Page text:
ders across miles of country and lift them up to
heights of hundreds and thousands of feet. Both
water and mud are utterly incapable of such a task.

In the higher mountains of earth there is a perpetual
collection of snow-a vast amount, never melting
more than slightly at the surface, and constantly
receiving fresh additions.
Now, if the snow had no means of parting with
its extra quantities-if it were always taking to itself
new supplies and never giving any supplies away, it
would increase to an enormous extent. The snow-
line, or boundary of perpetual snow, instead of
remaining at about the same height year after
year, would gradually creep lower and lower down
the mountain-sides.
But there are modes of relief for the over-laden
mountain. The surface of the snow slowly evaporates
or dries away in the sunshine. Every year the
summer-heat thaws great quantities of snow in the
lower mountain regions, filling rills and torrents
to overflowing. Also great masses of loose
snow break away from time to time and rush
down the mountain, thus lessening the weight

Ice-Work. 77

Nor are evaporation and thawing and avalanches
the only outlets provided.
The great load of snow on the mountain-summit
squeezes the lower layers of that snow into solid ice.
For ice is of the same nature as snow, only with the
particles packed more closely together. The ice thus
formed is then pressed out by the same weight from
beneath the mass above, and creeps quietly down
through the nearest valley. This long tongue of ice,
coming from under the snow, and never stopping till
it reaches so low down the mountain-side that its
further progress is checked by constant melting, is.
called a Glacier. It is, in fact, a frozen stream-a
river of ice. Every lofty mountain which keeps a.
large amount of snow on its summit all the year
round, has its glaciers.
Some glaciers, especially those in the icy regions of
the far north, are very large, many miles in length,
and miles in width. There are also large glaciers in
the higher mountains of Switzerland. A glacier is;
like a river in many respects, but the quickest motions
of a glacier are very slow, compared with the most
sluggish of rivers. You might stand for hours by one
and never see it move; for the ice creeps along its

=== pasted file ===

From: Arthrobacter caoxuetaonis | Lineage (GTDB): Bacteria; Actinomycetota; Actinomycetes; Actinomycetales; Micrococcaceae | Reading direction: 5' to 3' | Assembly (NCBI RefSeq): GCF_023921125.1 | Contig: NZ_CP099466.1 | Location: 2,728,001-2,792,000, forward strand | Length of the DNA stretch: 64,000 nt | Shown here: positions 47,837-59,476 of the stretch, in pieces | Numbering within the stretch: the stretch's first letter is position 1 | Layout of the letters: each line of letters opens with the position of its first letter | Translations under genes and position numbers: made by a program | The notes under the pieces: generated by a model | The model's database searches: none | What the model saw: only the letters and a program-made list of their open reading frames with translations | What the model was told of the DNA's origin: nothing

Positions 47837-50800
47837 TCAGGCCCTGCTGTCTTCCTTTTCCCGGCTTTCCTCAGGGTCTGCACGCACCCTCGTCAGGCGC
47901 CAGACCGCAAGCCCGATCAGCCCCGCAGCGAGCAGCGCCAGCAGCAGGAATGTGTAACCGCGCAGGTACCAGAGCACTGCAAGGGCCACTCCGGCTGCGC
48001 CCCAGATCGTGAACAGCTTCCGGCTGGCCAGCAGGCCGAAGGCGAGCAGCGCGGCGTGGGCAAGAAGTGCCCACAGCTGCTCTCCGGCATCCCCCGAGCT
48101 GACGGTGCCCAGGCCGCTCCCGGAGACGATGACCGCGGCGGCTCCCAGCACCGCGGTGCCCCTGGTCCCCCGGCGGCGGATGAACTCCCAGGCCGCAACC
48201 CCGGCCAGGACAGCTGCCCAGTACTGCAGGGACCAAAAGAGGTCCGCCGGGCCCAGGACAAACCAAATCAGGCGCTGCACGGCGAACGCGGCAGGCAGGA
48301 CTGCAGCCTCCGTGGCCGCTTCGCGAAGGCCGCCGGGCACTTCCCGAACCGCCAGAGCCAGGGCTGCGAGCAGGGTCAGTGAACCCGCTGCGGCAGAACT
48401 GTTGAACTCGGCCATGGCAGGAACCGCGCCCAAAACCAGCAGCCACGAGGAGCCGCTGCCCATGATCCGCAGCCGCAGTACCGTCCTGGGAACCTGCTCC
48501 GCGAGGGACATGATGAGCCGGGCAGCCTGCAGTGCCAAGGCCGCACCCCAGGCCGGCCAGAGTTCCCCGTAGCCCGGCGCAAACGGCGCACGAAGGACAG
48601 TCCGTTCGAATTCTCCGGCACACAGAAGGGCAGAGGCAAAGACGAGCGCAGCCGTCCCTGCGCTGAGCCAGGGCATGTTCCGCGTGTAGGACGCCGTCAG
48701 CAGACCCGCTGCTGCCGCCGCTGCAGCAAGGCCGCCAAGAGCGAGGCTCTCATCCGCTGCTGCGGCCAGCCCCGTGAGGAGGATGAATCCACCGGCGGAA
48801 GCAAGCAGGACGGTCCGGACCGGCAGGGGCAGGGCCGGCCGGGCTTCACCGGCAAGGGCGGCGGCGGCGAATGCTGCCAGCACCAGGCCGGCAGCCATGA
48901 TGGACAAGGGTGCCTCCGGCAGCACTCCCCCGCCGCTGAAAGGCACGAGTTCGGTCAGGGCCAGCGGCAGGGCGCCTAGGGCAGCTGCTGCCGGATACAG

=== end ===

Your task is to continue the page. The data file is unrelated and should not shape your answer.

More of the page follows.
rocky bed at the rate of only a few inches a day-
sometimes as little as one inch, never more than fifty


inches. One mile in fifteen years is a very good pace
for glacier ice.
Yet the real wonder is, not that these great masses
of solid ice should move slowly, but that they should
move at all.
As the ice-river crawls onward, its surface is per-
petually cracking, and the cracks or chasms or cre-
vasses vary in size from a few inches to hundreds of
feet in width and depth. The cracks are commonly
across the bed of the stream, not up and down it.
They generally come when a sharper slope in the
ground puts a strain upon the ice; and later, when
the bed becomes more level, the cracks close up and
heal or freeze together again.
There are commonly down both sides of a glacier
long trails of stones and rock-fragments, which are
called moraines. Sometimes one or two or more
moraines are seen down the middle of the glacier
also. Those at the side are fed by fragments falling
from the cliffs. Those in the middle are supplied by
some other glacier which has joined the first.
Such rock-fragments, if falling into a river, would
be ground up into river-detritus-rounded pebbles,
sand and mud-and carried out to sea. Falling on
the solid ice of the glacier, they are borne slowly
down the mountain-side, till the ice reaches the spot

- &


Ice-Work. 79

where it melts, and there they are dropped in a heap
called a terminal moraine.
Many of the rock-fragments fall into the crevasses,
and find their way to the bottom. There, with a vast
number of other fragments, torn by the ice from the
rocky bed, they are dragged slowly along; and as
they move, they scratch and polish the rocks below,
and are in their turn scratched and polished by those
same rocks. A great many are ground into powder,
thus thickening the turbid stream which commonly
flows beneath a glacier, during at least part of its
course, and rushes out at the terminal moraine.